Now for the parts of my material usage that are in flux. In spring of 2020 I was awarded the Ceramic Artist Jerome Project Grant from Northern Clay Center to research down-firing soda kilns and its relationship to ceramic materials. With this, I have dived into developing new clay bodies and slips! Over the past couple of months, I have formulated and mixed many different clay bodies with around a 1 alumina to 3 silica ratio. What I am looking for with these is a clay body that has nice flashing in the soda kiln but also produces a soda glaze that has depth and color. I have found a couple clay bodies that I am really excited about but they are not as workable as my usual porcelaneous stoneware. I am still continuing to test the successful clay bodies but have also began developing slips that are based off of these clay bodies. I have yet to test these slips but am excited to do so in my next firings!"
What is a typical soda-firing schedule?
"My soda firing schedule is very important to my material usage and vice versa. My firing schedules are also changing with each firing; I have so many questions about soda firing and not enough answers! With each firing and change in schedule I may answer some of my questions, but usually have many more, leading me to change the schedules. Recently, I have not been worrying about reducing the kiln on the way up and aim to fire as efficiently as possible so that I can put as much of my own energy into the down-firing as I can. I typically begin spraying soda into the kiln around ^9 and spray once more around ^10. I keep the kiln in reduction from when I first begin spraying until I am finished with the down-firing. I also have been practicing soaking the kiln between spraying soda and after my final session of spraying / before the down-firing begins. I aim for at least an hour both times; I find that this helps melt the soda glaze and creates less blistering in it. Something that is consistent with all of my firing schedules is the fact that I aim to down-fire for at least 6 hours and to 1600°F. Recently, I have been keeping the kiln in reduction during the entire down-firing except for a brief moment of reoxidation at 1900°F. I find that this brings out some interesting peachy colors and can brighten up the flashing. Another experiment that I have been working on is utilizing steam to create more reduction in the kiln. A general thought on this is that introducing steam into the kiln will produce more pressure and possibly displace the oxygen. I have also found that introducing steam into the kiln makes the flame dance around more. I do this by soaking soft brick in water and plugging up the spray ports with them; I replace them every half hour or so. This steam reduction is still a mystery to me and I can only speak from a couple firings of experience and chatting with others. If you know more about this concept lets chat!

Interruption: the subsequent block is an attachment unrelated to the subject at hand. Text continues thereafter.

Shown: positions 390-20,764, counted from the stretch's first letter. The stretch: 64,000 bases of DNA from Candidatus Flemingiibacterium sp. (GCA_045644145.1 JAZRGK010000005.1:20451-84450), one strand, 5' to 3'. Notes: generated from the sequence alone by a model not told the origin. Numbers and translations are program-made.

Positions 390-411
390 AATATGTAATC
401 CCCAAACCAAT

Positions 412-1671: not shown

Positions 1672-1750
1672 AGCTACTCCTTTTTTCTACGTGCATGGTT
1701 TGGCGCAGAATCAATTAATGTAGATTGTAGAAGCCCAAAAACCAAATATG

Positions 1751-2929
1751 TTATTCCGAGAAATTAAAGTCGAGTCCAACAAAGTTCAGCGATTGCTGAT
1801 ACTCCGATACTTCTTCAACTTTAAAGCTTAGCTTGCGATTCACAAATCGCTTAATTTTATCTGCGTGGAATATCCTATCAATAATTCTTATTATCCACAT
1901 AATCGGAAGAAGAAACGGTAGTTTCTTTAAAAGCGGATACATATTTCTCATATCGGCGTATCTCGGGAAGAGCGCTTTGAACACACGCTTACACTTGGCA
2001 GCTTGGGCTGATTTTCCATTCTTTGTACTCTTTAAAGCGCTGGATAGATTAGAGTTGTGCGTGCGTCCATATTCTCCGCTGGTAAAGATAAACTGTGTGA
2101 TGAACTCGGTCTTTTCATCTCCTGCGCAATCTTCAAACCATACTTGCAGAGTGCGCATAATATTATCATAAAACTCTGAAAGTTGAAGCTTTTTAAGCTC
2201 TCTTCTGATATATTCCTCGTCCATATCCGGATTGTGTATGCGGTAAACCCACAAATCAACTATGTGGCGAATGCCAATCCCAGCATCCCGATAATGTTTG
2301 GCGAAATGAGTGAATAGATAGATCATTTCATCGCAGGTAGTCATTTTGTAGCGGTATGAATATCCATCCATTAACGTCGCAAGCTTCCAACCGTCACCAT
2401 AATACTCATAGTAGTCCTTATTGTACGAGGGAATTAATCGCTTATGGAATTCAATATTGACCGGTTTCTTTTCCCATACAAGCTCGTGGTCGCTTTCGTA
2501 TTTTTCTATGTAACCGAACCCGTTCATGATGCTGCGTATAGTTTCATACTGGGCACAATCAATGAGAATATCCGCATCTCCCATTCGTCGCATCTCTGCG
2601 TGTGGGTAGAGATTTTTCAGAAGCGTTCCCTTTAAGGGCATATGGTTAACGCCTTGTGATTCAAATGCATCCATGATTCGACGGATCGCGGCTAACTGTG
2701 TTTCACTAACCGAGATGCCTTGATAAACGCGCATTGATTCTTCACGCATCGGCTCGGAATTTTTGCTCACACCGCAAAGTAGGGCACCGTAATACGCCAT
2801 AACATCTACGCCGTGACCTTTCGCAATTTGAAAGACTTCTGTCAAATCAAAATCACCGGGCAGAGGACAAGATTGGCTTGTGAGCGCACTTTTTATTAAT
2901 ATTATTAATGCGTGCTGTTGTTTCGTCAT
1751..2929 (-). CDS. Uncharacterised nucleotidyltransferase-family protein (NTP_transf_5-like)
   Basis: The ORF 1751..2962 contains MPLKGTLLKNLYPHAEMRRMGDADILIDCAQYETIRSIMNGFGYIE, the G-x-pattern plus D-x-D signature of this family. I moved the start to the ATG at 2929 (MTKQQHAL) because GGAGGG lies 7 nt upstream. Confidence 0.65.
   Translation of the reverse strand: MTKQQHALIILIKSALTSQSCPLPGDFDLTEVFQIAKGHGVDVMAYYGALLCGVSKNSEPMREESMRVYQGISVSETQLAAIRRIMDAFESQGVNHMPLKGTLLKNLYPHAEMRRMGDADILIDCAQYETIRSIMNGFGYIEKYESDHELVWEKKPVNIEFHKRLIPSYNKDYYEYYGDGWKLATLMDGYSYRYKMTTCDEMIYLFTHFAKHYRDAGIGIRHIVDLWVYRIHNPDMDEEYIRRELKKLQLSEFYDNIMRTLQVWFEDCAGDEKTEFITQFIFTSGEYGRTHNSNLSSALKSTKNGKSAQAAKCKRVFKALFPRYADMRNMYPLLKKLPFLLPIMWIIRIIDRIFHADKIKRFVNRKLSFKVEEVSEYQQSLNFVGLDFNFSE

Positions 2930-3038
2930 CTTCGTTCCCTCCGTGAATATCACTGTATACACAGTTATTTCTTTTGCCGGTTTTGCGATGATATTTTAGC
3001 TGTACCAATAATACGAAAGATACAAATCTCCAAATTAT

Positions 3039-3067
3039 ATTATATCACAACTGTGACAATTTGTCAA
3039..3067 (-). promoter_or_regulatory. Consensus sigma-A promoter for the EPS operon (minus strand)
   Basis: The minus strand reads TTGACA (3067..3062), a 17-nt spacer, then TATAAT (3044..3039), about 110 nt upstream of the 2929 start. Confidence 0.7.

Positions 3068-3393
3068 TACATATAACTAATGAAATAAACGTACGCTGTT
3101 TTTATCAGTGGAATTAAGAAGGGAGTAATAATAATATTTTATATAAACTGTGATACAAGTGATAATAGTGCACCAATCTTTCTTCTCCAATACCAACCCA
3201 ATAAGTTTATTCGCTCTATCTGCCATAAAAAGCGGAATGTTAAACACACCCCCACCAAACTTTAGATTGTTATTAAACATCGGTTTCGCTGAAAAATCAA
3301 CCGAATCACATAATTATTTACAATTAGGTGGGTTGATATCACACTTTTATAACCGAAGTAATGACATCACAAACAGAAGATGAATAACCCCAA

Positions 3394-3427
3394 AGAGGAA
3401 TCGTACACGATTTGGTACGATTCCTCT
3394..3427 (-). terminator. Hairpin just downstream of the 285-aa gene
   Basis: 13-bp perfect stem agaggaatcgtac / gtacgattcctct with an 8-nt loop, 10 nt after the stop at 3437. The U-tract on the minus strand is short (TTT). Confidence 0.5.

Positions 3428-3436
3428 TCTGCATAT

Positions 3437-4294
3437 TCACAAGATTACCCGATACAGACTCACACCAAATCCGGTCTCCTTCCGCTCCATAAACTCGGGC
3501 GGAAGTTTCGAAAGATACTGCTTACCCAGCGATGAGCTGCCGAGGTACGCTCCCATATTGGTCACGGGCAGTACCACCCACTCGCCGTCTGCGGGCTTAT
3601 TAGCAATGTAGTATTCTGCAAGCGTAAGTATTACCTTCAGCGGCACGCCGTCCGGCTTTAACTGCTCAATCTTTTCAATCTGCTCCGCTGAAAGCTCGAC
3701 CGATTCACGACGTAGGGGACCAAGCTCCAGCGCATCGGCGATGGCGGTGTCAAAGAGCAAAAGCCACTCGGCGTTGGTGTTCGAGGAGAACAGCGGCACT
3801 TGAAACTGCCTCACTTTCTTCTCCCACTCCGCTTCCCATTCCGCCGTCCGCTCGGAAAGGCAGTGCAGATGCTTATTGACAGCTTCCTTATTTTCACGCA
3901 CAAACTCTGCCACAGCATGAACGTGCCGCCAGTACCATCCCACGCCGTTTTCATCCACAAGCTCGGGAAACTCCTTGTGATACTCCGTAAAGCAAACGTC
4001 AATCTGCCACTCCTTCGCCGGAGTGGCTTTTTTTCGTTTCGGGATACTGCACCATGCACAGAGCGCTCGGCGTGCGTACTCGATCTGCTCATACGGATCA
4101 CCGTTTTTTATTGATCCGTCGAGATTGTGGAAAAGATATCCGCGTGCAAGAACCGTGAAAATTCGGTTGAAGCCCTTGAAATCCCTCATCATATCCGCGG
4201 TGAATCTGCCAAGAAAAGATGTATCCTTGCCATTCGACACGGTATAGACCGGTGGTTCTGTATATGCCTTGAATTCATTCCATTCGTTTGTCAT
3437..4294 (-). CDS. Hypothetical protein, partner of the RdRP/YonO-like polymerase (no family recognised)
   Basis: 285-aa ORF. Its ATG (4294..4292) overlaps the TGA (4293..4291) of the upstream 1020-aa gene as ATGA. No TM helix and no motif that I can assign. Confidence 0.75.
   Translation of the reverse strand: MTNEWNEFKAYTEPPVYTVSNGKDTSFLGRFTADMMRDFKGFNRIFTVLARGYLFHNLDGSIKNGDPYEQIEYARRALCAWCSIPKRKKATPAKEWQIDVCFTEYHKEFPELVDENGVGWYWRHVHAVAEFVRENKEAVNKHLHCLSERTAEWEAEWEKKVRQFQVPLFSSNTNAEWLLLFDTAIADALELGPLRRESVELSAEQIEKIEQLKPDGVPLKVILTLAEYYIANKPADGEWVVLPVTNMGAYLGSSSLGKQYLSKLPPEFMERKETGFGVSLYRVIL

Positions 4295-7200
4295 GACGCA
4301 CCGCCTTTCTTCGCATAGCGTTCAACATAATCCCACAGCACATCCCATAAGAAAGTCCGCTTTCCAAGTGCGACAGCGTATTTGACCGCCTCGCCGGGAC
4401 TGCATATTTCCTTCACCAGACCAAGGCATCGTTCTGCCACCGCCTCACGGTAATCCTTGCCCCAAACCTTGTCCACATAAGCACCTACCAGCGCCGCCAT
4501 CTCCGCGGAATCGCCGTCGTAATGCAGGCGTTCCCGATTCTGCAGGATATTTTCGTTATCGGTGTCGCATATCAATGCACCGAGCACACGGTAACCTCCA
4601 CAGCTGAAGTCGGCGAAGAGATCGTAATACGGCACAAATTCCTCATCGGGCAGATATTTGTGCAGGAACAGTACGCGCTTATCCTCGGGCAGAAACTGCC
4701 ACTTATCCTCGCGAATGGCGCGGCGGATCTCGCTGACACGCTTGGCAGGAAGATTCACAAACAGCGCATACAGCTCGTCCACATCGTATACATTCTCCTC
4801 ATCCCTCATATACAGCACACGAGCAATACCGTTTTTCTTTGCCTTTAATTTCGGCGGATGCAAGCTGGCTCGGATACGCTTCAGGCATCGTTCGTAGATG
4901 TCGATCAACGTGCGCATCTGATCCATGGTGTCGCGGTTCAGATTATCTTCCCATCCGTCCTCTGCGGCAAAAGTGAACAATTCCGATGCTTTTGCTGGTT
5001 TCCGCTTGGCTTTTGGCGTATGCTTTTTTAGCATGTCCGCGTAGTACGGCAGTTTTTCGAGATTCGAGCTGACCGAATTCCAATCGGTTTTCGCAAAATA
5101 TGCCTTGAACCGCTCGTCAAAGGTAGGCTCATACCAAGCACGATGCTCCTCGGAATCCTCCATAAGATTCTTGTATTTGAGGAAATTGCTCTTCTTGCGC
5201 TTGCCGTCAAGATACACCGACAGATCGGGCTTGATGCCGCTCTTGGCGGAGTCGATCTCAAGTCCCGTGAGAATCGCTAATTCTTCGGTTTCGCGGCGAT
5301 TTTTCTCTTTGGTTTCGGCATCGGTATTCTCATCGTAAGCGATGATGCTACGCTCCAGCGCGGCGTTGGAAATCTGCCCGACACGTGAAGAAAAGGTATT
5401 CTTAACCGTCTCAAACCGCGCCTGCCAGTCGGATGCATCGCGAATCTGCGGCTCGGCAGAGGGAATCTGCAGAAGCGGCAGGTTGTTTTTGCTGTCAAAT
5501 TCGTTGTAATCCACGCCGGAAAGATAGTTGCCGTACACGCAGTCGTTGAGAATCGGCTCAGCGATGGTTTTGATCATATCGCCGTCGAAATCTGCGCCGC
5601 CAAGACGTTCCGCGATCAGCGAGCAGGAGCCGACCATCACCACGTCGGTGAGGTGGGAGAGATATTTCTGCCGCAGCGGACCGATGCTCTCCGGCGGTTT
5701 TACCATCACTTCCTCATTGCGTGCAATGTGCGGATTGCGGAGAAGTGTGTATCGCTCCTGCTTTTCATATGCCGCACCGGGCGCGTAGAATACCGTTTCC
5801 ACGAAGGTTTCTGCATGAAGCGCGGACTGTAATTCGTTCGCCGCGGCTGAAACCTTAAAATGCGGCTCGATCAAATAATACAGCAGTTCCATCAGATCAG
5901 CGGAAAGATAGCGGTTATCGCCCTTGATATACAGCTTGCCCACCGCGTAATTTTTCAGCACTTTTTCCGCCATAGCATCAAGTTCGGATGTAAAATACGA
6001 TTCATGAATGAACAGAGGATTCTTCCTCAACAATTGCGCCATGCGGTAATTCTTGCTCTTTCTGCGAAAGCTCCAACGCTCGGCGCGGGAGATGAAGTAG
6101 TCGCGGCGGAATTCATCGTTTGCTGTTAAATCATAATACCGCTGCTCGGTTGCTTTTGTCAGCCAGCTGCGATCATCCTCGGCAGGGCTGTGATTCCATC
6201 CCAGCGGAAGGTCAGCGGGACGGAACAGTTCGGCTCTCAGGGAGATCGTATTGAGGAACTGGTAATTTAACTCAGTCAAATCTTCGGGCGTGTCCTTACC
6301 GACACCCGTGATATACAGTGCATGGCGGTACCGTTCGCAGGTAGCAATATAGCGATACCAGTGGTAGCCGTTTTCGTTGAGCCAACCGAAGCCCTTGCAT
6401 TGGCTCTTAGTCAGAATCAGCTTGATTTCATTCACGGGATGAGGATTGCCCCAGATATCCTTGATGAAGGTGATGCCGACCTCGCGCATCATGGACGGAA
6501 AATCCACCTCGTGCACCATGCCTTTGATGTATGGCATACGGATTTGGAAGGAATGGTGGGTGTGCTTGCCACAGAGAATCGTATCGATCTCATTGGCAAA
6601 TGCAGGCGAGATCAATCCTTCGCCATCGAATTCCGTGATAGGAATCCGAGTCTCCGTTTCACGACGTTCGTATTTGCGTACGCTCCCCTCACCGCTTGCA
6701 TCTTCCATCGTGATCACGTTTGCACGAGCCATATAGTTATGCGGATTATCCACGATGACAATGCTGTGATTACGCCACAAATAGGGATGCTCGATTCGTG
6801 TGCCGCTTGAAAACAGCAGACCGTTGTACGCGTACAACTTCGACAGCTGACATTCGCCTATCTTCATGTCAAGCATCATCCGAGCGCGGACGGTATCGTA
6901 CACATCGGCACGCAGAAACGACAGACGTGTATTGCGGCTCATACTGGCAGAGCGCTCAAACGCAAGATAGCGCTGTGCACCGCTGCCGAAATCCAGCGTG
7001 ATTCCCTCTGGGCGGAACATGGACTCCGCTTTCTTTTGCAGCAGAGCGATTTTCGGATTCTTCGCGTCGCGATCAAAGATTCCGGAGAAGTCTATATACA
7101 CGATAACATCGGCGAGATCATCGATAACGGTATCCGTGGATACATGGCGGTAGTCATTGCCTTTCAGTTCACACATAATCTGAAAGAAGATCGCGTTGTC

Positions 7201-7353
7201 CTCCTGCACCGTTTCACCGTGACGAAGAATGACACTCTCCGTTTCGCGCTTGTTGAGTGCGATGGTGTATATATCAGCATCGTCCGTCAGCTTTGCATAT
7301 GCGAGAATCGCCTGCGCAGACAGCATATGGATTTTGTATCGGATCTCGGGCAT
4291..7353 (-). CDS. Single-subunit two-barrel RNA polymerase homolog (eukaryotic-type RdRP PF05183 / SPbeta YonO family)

As I said before, I have an endless amount of questions that I want to ask the kiln. Here are a couple of them to maybe influence your research!
-How does one period of reoxidation effect color if done at various temperatures during the down-firing?
-How does holding the kiln at a various temperatures effect crystal growth during the down-firing?
-How would crash cooling them kiln then beginning a soak at various temperatures effect color and crystal growth?
-Does introducing more steam into the kiln during the down-firing produce more dramatic effects?
-What if the kiln is down-fired for as long as it was fired up in temperature?"
Cone 10 soda firing: clay, slip, glaze and wadding recipes:
More about Beck.
"As many are, I was interested in art as a child. My Aunt went to school for art and was also my babysitter; she spent time teaching me things as a young child like drawing and shading. Since then I wanted to become an artist; art was always what I was most interested in school and in high school I was lucky enough to be introduced to pottery. I instantly fell in love and have not stopped making pottery since; it has now been 8 years that I have been making pottery and I now hold a Bachelor of Fine Arts in Ceramics from the University of Wisconsin-River Falls. Beyond pottery, I really enjoy music. Due to Covid, I miss going to shows and enjoying the lively music scene that Minneapolis / Saint Paul has to offer. I now substitute this with watching concerts on YouTube occasionally and supporting artists by purchasing vinyl from them directly or at my local music shop. An album that I am really loving that I recently got is The Brian Jonestown Massacre’s self-titled LP from 2019. I also love to hike and go camping; my favorite state park for those is George Crosby Manitou State Park near Finland, MN."
"As I mentioned before, I was lucky enough to be award the Jerome Ceramic Artist Project Grant and part of my research was putting together a soda firing resource for others! You can find details on each of my firings during this grant period with schedules and thoughts. I also have my recipes for clays, slips, glazes and wadding posted. Disserting information is very important to me and I absolutely respect Lisa for doing so as well! All of this information can be found at my website."
Check out more of Casey's work on Instagram, and his online shop.
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Hi, I'm Lisa the artist and creator of this content.
Here on my blog I share behind the scenes, events, and activities related to my art.